In search of a new GG
As we filed down the loading ramp toward the flight, there was one face in the group of passengers around me that looked familiar. Was he a TV host? Maybe a sports personality? Possibly a politician? As passengers began stowing their bags overhead, I realized he wasn’t any of those. Then, it hit me as I sat down beside him.
“You’re John Ralston Saul, aren’t you?” I said.
He nodded, smiled and said, “Or, as some call me, Mr. Adrienne Clarkson.”
It was early in the 2000s when I shared a flight with the husband of then Governor General Adrienne Clarkson. I reminded him that we had met once previously in 1977, when the two of us crisscrossed the Prairies on similar flights, each promoting his first book. Of course, Saul went on to become an internationally celebrated essayist and novelist and active supporter of freedom of expression. He received countless literary awards, 21 honorary degrees and became Companion of the Order of Canada. But his comment about Adrienne Clarkson was top of mind that day. And I was curious. “What’s an average day in the life of the Governor General like?”
He told me right away that the office of the Governor General was the oldest continuous institution in Canada, going back to the times of New France in 1627, when Samuel de Champlain was the first of 18 French governors, then after 1867 all were British, until 1952 when Vincent Massey became the first Canadian appointed. With the history preliminaries over, Saul explained that Adrienne (I guess like all Governors General) did mountains of reading – reading of letters for Canadian diplomats, petitions for coats of arms, and managing the Canadian honours system.
“But where had her interest in the military come from?” I asked.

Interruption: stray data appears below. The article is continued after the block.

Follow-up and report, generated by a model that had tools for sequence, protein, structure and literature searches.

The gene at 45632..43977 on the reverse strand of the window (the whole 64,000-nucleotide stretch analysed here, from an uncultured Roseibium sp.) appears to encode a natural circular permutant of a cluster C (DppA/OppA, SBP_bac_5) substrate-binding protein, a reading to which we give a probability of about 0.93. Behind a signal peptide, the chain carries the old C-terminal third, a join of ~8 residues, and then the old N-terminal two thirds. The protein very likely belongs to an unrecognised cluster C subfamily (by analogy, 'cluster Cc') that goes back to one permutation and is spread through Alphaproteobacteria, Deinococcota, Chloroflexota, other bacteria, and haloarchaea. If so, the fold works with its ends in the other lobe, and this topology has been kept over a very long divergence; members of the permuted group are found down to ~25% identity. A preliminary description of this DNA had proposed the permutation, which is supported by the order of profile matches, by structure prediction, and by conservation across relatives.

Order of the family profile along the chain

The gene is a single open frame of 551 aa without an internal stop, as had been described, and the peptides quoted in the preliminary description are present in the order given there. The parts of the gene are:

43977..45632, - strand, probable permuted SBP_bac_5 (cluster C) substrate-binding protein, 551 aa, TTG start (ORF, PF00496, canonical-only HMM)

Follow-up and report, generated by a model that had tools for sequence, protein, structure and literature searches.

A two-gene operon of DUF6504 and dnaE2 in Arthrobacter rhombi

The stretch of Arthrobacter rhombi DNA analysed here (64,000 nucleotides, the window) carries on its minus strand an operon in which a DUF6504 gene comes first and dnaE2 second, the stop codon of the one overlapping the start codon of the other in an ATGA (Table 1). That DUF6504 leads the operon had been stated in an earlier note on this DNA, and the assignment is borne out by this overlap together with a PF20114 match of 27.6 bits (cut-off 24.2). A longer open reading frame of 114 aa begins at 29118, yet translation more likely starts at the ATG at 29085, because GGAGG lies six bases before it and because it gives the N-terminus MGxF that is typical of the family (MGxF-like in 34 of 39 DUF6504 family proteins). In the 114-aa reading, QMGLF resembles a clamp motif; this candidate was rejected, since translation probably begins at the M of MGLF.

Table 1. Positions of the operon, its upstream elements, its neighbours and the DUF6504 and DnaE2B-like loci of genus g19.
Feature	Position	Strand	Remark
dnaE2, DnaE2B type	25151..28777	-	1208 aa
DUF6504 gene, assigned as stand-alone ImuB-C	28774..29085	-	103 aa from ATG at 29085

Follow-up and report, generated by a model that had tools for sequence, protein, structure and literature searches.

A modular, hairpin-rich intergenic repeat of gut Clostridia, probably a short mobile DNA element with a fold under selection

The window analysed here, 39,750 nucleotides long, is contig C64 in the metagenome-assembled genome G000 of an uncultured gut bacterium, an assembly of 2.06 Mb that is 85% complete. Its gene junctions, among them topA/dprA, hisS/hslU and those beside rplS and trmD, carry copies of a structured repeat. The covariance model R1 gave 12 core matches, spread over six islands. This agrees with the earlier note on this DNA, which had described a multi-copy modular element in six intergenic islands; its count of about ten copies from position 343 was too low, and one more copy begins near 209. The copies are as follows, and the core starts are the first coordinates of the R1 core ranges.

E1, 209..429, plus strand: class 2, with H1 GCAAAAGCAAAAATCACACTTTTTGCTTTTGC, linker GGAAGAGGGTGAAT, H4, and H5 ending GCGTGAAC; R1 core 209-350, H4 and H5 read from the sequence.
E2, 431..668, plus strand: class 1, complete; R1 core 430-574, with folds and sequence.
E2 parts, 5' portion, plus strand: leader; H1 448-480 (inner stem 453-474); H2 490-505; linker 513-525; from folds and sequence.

Saul reminded me that moving into her new role in 1999, Gov. Gen. Clarkson had immersed herself in the project to repatriate Canada’s Unknown Soldier from France. In the spring of 2000, she’d prepared a eulogy. I remembered it. And when I later dug it out of my research, I realized its humility and grace.
“We do not know whether he had begun truly to live his life as a truck driver or a scientist, a miner or a teacher, a farmer or a student,” she said. “Did he have brown eyes? Did he know what it was to love someone?
“This unknown soldier was not able to live out his allotted span of life to contribute to his country. But in giving himself totally through duty, commitment, love and honour, he has become part of us forever.”
But aside from the symbolic things, such as the connection to the Unknown Soldier and reconnecting with Princess Patricia’s Canadian Light Infantry (she later was appointed colonel-in-chief), I wondered about the nitty-gritty stuff in Parliament. How important was all of that?
Here was where all that symbolism dissolved into real power – giving Royal Assent to bills, thus making them law, setting out a government’s program by reading the Speech from the Throne – and the really interesting one – the power to summon, prorogue and/or dissolve Parliament. And indeed, in 2004, when then prime minister Paul Martin was in danger of losing confidence in the House of Commons, would she then need to turn to the leader of the Opposition, Stephen Harper, to form a government?
Reading Susan Delacourt’s piece in the Star this week about Gov. Gen. Clarkson consulting her and her colleague Jim Travers, showed another important skill for the vice-regal Canadian – the ability to consult and listen. “Clarkson had lots of questions about articles we’d written,” Delacourt wrote. As it turned out, the crisis passed without Clarkson’s involvement.
“Why had Indigenous issues become so important to her?” I asked John Ralston Saul.
He explained that she made more trips into Northern Canada than any other Governor General. And she took a lot of flak for those trips. Partly because of her own sense of heritage – coming to Canada with her family in 1941 as a refugee from Japanese-occupied Hong Kong – I guess Clarkson recognized the importance of being a visible minority and being the Queen’s representative for all Canada’s people.
Now this may all look like nothing more than a pro-Clarkson, pro-monarchy rant. I know that Canada’s 26th Governor General didn’t rub everybody the right way. And that’s fine, if that’s your view of her tenure. You may also believe – especially in the wake of the resignation of Julie Payette – that we should just toss out the whole vice-regal office completely. I don’t believe that.
All I’m suggesting is that as long as we remain a Parliamentary democracy in the Commonwealth, let’s ensure that the next candidate has some of Adrienne Clarkson’s traits – grace, oratory, consultation skills, connection to popular traditions and some humility.
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